That was our town and we loved it.  Others have their memories, maybe at a different time, but just the same, it was “Our Home Town.”



The following are the top ten show sales for Roscoe students at last week’s Nolan County Stock Show:

Exhibitor                         Place                       Division                  Amount

Max Nemir          Breed Champion              Swine                        $400
John Ruben Herrera       1                              Swine                         $200
Ty Fullwood                       2                              Lamb                         $175
Dillon Freeman                  2                             Swine                         $175
Emma Pulattie                   2                             Goat                           $150
Derek Creed                        3                             Swine                         $150
Ezekiel Murphy                 3                             Swine                         $150
Kamren Fisher                   4                             Steer                          $300
Kristen Johns                     4                             Steer                          $300
Kaylee Palacios                 4                             Swine                         $125   



In a game played at home on Friday evening, the Plowboys defeated Loraine 56-30 for their second district victory.  Roscoe jumped out to a 15-2 lead in the first quarter and led at halftime 27-14. 

High scorer for the Plowboys was Jesus Leanos with 13, followed by Javier Leanos, Shelton Toliver, and Cutter Davila, all with 12.  Luis Villa made 6 and Kevin Lavalais with 1.

The Plowboys are now 2-1 in district play.  Their game with Hermleigh last night was postponed until tonight because of a death in the Hermleigh coach’s family.  It will be played in Hermleigh. They will then play Westbrook here in Roscoe on Friday followed by Ira in Ira next Tuesday.



Loraine forfeited Friday’s scheduled game with the Plowgirls along with the rest of their season.  They no longer have enough varsity girls to compete, and their JV girls are not yet ready to play on the varsity level. 

Instead, the Plowgirls played the Odessa New Way Christian Academy and lost, 67-47.  The Eagles jumped out to a 23-12 first quarter lead and had extended it by halftime to 32-18.  The score at the end of three was 51-33.

Selena Perez led the Plowgirls in scoring with 20 points, followed by Sunshine Saddler with 13 and Sam Ortega with 8.  Danielle Dean, Mia Herrera, and Whitney Williams all had 2.

Then last night the Plowgirls beat Hermleigh, 48-29. The first quarter ended at 7-6 Roscoe, but by halftime the Plowgirls had pulled away to a 22-10 lead.  At the end of three, the score was 30-16.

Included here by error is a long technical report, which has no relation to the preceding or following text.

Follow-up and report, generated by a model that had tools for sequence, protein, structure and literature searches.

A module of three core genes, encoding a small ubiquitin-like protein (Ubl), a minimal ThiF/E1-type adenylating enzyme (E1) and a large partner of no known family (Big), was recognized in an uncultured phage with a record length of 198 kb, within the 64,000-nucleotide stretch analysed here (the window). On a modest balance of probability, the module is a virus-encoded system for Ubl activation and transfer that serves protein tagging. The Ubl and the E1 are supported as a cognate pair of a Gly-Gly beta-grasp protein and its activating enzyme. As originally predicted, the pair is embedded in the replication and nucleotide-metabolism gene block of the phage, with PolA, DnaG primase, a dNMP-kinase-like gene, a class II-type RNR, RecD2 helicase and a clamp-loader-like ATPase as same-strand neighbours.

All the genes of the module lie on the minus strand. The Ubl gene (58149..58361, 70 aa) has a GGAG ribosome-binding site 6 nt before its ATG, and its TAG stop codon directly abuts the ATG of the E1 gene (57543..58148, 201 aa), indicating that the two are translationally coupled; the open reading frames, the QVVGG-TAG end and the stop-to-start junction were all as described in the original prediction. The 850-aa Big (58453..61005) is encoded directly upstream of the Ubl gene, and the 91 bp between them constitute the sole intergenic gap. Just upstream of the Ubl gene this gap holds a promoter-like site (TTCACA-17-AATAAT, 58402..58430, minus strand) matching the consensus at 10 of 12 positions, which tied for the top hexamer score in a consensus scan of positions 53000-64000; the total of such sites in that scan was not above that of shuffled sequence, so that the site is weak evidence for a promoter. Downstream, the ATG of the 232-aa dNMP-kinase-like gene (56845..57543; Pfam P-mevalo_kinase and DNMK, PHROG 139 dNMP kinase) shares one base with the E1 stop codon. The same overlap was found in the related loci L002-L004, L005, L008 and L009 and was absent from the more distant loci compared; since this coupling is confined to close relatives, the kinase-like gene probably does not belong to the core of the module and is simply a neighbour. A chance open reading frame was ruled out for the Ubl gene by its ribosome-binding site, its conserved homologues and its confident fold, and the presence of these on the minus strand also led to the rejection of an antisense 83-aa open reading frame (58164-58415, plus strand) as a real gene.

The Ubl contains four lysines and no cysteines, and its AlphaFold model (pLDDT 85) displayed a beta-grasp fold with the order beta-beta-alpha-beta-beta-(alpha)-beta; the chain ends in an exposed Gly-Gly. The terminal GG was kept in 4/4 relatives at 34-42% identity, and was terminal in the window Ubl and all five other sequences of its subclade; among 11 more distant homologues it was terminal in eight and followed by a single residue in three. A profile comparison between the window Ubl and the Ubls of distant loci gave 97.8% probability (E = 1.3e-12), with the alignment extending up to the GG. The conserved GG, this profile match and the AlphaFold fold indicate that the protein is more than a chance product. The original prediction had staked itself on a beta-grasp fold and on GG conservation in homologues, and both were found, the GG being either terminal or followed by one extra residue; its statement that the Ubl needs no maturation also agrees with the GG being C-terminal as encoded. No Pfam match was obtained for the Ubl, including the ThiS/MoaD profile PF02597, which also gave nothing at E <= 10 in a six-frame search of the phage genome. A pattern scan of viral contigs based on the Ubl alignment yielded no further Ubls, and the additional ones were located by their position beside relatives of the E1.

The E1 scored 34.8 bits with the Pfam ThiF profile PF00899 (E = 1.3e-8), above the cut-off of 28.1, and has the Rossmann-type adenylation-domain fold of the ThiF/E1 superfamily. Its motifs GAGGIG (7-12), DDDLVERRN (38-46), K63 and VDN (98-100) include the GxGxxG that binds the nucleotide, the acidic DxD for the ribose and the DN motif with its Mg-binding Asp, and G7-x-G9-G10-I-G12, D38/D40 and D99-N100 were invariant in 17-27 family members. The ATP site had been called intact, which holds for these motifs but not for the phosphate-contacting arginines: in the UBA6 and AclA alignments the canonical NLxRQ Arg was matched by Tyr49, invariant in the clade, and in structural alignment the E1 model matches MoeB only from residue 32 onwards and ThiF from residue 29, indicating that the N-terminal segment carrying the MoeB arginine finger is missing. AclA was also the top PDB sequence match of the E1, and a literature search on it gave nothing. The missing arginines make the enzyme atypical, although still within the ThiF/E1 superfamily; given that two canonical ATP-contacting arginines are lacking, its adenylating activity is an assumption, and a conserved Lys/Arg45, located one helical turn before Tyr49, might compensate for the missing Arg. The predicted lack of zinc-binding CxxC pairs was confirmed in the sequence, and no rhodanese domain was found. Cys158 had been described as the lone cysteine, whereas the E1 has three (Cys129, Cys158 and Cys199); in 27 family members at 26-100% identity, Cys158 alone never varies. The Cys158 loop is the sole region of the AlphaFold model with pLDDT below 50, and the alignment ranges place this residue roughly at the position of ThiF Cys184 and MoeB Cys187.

High scorer for the Plowgirls was Eva Aguayo with 15 points.  Williams had 9, Saddler 8, Brown 5, Ortega 5, Perez 5, and Dean 2.

The Plowgirls are now firmly in second place, their only district loss coming from Highland.  On Friday, they play Westbrook in Roscoe, and next Tuesday it will be Ira in Ira.



Allen Richburg got this great shot of a moonset on Thursday morning.
The weather was typical for this time of year.  Skies were clear practically the entire week, and highs were generally in the sixties with lows in the mid to upper thirties.  The high temperature for the week was on Monday afternoon, when it got up to 71°F, and the low was yesterday morning at 33°.  There were some breezes but no high winds, and there was no precipitation.

The forecast is for much colder weather for the next couple of days.  This afternoon should see a high in the upper fifties, but temperatures will drop considerably with a low of about 30° tomorrow morning.  Tomorrow’s high will be in the lower thirties and the low tomorrow night will drop down to the mid teens with a 20% chance of snow.  Friday will also be cold with a high in the upper thirties and a low in the lower thirties.  The weekend will be warmer, however, with highs back in the sixties and lows in the mid thirties.



  1. I really enjoyed this weeks. The snake oil is still around, it is mostly for weight loss,the salesman is on the internet, and people are not so reluctant to spend "the bank's money". I do love "Our Home Town".

  2. Wow, what a great story about the medicine shows! I've never heard about that.

  3. Moon set, I thought it was all about the old grain drill in the center of the photo.